A diplexer circuit, as shown in Figure 1, is a very practical circuit for dividing the frequency spectrum into essentially two non-overlapping parts. Crossover attenuation (Ao) as a design parameter has been unavailable in the past, thus limiting the designer’s options. This is no longer a constraint with Amplitech’s new design. The designer now has the option to increase channel to channel isolation as required by using the variability of the crossover attenuation.

Figure 1

Figure 1 Diplexer circuit.

Complementary diplexers exhibit a near perfect input match across the entire band of coverage. The cost of this is an inherent restriction in the crossover attenuation to 3 dB (i.e., a half power split). For many applications, this level of crossover isolation is too small. Such design limitations can be circumvented only by giving up the match at the input and going to a non-complementary design.1 This allows controlled interaction between the input impedances to each diplexer channel. A greater level of selectivity is also achieved for a given number of elements per ladder. This permits smaller size and lower loss for a given level of rejection.

Figure 2

Figure 2 Diplexer construction employing surface mount packaging.

For a given rate of cutoff in the complementary class, each channel with v elements per ladder, experiences a cutoff rate of “6v dB per octave,” while in the non-complementary class described herein, each channel with v elements per ladder, experiences a cutoff rate of “2 × 6v dB per octave.” This is due to the contributory influence of the neighboring channel resulting in designs which are able to fit in smaller volumes for the same selectivity, because fewer elements per channel are required when both channels contribute to the response. This provides more “bang for the real estate buck.”

Figure 3

Figure 3 Surface mount diplexer measured data.

One may control the width of the transition region that exists between bands (i.e., where S11 is no longer to be matched) to any desired degree through the choice of ν with great effect.1 Thus, the effect of the mismatch is limited to an inconsequential band of frequencies. Other approaches that attempt to increase selectivity in this region often include topologies which are more complicated, since they are suboptimal and may involve the use of finite transmission zeros to improve selectivity where they might otherwise be avoided. Amplitech’s topology avoids the use of finite transmission zeros altogether. Designs are built with a minimum of complications providing more “bang for the manufacturability buck.”

Circuit Construction and Data

The present goal for this design example was to complete the circuit construction while employing a surface mount (SMT) package and taking advantage of all of the benefits associated with such packaging. This includes size, ease of manufacturability and cost. The result of this effort is shown in Figure 2.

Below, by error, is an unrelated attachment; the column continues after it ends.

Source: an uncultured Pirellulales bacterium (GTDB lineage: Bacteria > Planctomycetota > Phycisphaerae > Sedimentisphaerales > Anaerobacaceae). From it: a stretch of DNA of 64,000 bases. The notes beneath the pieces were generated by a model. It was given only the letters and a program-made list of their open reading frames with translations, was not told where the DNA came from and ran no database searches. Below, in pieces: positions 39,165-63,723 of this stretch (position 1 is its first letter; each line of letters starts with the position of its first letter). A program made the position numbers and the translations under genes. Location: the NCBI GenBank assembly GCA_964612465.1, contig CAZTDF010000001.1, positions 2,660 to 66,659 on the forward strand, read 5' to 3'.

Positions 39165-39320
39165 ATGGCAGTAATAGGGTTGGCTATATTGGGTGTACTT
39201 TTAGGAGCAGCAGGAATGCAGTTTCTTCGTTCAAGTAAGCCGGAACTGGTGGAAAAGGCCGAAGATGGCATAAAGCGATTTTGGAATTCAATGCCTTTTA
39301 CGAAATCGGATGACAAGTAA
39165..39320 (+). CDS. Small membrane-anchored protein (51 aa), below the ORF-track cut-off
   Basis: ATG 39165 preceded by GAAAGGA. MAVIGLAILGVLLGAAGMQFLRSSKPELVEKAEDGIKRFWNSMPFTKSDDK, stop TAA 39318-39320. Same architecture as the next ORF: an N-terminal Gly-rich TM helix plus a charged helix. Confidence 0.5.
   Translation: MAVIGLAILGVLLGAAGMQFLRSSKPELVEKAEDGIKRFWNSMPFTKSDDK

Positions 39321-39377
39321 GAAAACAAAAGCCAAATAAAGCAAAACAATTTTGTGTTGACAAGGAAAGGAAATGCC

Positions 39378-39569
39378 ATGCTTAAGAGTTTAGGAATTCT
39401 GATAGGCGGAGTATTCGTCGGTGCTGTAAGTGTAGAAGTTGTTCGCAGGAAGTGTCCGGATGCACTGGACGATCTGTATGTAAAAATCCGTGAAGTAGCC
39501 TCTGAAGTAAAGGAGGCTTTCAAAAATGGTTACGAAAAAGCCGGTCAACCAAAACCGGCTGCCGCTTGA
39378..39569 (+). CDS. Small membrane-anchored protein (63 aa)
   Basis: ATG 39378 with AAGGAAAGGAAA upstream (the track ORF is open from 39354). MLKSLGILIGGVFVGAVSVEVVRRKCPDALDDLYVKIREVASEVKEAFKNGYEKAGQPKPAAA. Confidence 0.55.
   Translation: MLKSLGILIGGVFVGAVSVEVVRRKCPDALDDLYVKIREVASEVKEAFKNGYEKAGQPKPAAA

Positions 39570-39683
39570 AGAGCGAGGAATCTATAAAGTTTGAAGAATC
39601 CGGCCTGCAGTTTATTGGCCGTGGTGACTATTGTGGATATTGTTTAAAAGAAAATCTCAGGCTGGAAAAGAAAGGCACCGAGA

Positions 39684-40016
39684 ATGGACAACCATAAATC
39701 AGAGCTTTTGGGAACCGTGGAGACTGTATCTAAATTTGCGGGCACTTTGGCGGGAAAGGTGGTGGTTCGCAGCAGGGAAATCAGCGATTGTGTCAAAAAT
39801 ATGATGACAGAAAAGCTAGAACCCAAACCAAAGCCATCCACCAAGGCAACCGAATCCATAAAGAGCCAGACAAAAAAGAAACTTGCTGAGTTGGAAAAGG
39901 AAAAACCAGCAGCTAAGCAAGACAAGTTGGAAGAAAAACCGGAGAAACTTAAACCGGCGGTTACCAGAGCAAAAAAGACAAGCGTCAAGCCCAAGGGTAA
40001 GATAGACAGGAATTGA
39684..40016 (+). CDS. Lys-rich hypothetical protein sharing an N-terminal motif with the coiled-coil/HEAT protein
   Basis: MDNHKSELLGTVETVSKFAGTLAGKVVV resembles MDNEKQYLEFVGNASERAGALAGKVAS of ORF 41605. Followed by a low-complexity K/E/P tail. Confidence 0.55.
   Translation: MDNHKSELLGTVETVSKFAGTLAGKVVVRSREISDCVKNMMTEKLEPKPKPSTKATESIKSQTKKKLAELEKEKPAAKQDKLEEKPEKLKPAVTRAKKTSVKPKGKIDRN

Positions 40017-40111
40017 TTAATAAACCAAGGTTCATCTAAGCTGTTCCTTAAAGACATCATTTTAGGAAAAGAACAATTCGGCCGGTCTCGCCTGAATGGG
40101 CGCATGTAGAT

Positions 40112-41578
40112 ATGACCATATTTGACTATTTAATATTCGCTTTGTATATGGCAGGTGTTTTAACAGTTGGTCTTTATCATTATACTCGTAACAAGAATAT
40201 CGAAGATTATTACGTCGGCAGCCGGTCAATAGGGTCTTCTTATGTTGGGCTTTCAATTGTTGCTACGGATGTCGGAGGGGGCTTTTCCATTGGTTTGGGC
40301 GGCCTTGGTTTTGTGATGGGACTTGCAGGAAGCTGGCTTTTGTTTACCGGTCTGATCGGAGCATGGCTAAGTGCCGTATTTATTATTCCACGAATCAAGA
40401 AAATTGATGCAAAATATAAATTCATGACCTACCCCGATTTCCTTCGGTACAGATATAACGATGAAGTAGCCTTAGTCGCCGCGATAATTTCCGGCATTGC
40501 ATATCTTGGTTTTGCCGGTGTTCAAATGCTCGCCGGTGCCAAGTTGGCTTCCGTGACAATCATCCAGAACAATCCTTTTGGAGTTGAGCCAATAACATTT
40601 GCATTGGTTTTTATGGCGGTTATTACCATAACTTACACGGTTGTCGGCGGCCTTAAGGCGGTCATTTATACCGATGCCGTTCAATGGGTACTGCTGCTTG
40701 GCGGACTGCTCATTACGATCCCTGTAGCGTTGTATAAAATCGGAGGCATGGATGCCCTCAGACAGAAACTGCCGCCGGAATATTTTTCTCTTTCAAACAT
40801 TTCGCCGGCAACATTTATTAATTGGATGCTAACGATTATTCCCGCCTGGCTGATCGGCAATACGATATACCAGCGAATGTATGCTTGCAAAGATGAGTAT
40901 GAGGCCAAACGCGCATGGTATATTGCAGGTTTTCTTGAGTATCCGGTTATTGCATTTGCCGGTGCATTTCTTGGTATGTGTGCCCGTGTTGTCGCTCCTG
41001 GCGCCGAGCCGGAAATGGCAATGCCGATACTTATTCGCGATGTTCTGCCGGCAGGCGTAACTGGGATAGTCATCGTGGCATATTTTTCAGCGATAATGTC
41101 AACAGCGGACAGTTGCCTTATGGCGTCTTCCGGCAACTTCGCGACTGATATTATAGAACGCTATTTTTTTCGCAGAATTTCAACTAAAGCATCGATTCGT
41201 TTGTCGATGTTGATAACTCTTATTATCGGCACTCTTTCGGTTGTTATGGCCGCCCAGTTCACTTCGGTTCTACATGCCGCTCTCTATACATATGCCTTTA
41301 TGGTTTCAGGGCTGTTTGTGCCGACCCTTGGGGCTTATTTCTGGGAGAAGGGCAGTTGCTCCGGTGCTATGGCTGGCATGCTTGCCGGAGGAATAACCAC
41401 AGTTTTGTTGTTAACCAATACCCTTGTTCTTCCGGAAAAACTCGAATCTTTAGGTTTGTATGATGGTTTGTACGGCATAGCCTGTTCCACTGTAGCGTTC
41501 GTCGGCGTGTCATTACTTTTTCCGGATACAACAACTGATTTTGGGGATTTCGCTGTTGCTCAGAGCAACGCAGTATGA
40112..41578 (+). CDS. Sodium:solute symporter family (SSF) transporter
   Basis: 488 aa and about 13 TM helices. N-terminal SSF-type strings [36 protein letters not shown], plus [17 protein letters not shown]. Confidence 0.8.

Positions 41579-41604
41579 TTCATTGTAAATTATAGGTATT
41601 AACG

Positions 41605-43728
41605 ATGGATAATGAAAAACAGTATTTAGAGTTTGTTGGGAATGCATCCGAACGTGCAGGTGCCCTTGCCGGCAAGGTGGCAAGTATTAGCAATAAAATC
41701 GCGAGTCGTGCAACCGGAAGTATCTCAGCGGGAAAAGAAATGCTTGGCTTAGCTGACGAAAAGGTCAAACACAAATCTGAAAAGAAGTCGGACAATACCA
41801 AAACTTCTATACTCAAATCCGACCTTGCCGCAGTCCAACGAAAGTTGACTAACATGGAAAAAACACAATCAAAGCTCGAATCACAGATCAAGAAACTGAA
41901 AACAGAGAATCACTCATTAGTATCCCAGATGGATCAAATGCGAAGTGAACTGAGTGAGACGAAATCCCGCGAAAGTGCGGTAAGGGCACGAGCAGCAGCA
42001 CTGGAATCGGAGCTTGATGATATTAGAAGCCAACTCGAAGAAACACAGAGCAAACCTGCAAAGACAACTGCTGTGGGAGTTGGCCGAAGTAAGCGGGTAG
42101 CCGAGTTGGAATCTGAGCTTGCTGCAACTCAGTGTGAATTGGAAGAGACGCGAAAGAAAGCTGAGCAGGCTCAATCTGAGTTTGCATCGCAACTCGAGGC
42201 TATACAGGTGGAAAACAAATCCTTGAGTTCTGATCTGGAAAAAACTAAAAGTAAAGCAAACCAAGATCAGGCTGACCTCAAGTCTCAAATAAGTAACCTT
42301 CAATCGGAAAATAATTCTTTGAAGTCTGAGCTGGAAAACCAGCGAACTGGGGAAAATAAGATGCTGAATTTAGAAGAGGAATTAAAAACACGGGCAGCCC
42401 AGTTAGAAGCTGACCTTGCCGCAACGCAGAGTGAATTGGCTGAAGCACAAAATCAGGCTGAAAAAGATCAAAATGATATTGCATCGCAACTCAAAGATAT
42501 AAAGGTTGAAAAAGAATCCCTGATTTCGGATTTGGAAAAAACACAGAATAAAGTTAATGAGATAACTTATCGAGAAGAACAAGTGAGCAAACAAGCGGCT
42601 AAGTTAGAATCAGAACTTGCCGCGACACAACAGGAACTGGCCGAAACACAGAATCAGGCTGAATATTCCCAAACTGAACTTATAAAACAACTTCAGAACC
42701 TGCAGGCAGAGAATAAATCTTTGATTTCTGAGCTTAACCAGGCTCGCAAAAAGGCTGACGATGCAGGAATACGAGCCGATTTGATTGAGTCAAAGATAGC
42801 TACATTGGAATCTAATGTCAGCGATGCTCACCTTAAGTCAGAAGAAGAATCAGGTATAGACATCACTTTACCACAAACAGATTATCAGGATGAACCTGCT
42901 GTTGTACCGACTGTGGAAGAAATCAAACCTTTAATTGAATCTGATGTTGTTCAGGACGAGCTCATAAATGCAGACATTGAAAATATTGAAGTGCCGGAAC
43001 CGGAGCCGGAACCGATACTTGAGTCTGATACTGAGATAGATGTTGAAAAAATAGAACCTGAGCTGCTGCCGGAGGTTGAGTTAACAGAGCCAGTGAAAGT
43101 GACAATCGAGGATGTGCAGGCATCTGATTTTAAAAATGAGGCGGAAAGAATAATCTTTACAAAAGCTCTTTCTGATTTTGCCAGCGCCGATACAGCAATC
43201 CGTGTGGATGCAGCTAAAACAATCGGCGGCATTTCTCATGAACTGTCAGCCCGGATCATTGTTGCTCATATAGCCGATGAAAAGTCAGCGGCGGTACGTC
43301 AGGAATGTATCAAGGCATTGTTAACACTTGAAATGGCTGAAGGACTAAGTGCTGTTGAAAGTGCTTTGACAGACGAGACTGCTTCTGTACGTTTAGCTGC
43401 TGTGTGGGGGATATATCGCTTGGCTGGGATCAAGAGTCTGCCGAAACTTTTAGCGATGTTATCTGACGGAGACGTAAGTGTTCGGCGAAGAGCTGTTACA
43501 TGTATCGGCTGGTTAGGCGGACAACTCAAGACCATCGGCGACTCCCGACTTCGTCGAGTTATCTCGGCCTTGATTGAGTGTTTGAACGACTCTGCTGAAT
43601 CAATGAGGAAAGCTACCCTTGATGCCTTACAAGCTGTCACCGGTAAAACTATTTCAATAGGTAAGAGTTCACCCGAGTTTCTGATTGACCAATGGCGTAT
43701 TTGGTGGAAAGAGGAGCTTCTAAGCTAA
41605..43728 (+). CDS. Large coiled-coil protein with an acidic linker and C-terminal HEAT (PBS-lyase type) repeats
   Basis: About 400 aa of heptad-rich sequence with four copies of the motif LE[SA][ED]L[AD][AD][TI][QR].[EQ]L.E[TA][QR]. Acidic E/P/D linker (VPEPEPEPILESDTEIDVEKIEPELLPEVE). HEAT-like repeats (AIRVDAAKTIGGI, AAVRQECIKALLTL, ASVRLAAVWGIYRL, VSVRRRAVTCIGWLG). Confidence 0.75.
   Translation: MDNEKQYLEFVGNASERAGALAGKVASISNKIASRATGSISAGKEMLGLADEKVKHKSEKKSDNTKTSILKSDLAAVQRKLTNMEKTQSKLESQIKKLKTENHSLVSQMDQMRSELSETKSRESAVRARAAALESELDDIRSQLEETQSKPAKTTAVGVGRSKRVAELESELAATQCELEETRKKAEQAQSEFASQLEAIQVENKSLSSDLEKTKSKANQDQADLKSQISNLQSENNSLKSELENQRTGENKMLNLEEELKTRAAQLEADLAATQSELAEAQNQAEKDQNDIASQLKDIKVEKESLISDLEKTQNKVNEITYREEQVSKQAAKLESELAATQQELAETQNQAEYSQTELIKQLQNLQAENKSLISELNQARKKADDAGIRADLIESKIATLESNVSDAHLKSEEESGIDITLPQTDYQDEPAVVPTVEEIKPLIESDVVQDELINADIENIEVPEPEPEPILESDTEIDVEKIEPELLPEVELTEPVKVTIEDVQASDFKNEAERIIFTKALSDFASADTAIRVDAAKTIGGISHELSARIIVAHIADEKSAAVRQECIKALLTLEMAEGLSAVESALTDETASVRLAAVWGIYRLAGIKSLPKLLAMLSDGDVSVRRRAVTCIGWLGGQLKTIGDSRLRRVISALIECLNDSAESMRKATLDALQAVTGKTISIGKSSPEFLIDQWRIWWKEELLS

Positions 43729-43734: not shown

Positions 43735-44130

The test data is shown in Figure 3, where the attenuation for each channel is shown overlaid in the graph on the top and the SWR results are shown on the bottom of the figure for each of the three ports. The measured data was in good agreement with the initial design parameters. Good rejection was achieved with both good match and isolation.

A test fixture was developed as part of this effort. When the SMT package is loaded into this fixture, the assembly can be tested using a typical network analyzer test set-up employing SMA (or other similar types) connections. Once tested, the SMT package may be removed from the test fixture. With connection tabs now exposed, the SMT diplexer may then be integrated into a higher level of assembly where it might be used in its intended application. The SMT diplexer may remain in the test fixture for continued use in system applications where the SMA connections are preferred to the tab connections. The fixture is shown in Figure 4. A trade off comparison for each diplexer type is given in Table 1.

Figure 4

Figure 4 New test fixture for the SMT diplexer.


The construction of Amplitech’s new type of variable crossover, ladder realizable diplexer in an SMT package, has been practically demonstrated. The features of this design class are summarized in Table 1. The applications for this circuit include cell phone (separating GPS from other signals); mixer design enhancement; multi-channel communication systems; as well as SATCOM and EW systems. This circuit facilitates higher levels of system integration since passive circuits such as diplexers are often “tall poles” in the system size requirements. Future efforts will explore the use of even smaller packaging.


  1. D.C. Youla, S.U. Pillai and F. Winter, “Theory and Design of Maximally Flat Low-Pass High-Pass Reactance Ladder Diplexers,” IEEE Transactions Circuits and Systems, Vol. 39, No. 5, 1992, pp. 337-350.

Amplitech Inc.
Bohemia, N.Y.
(631) 521-7831(631) 521-7831

Table 1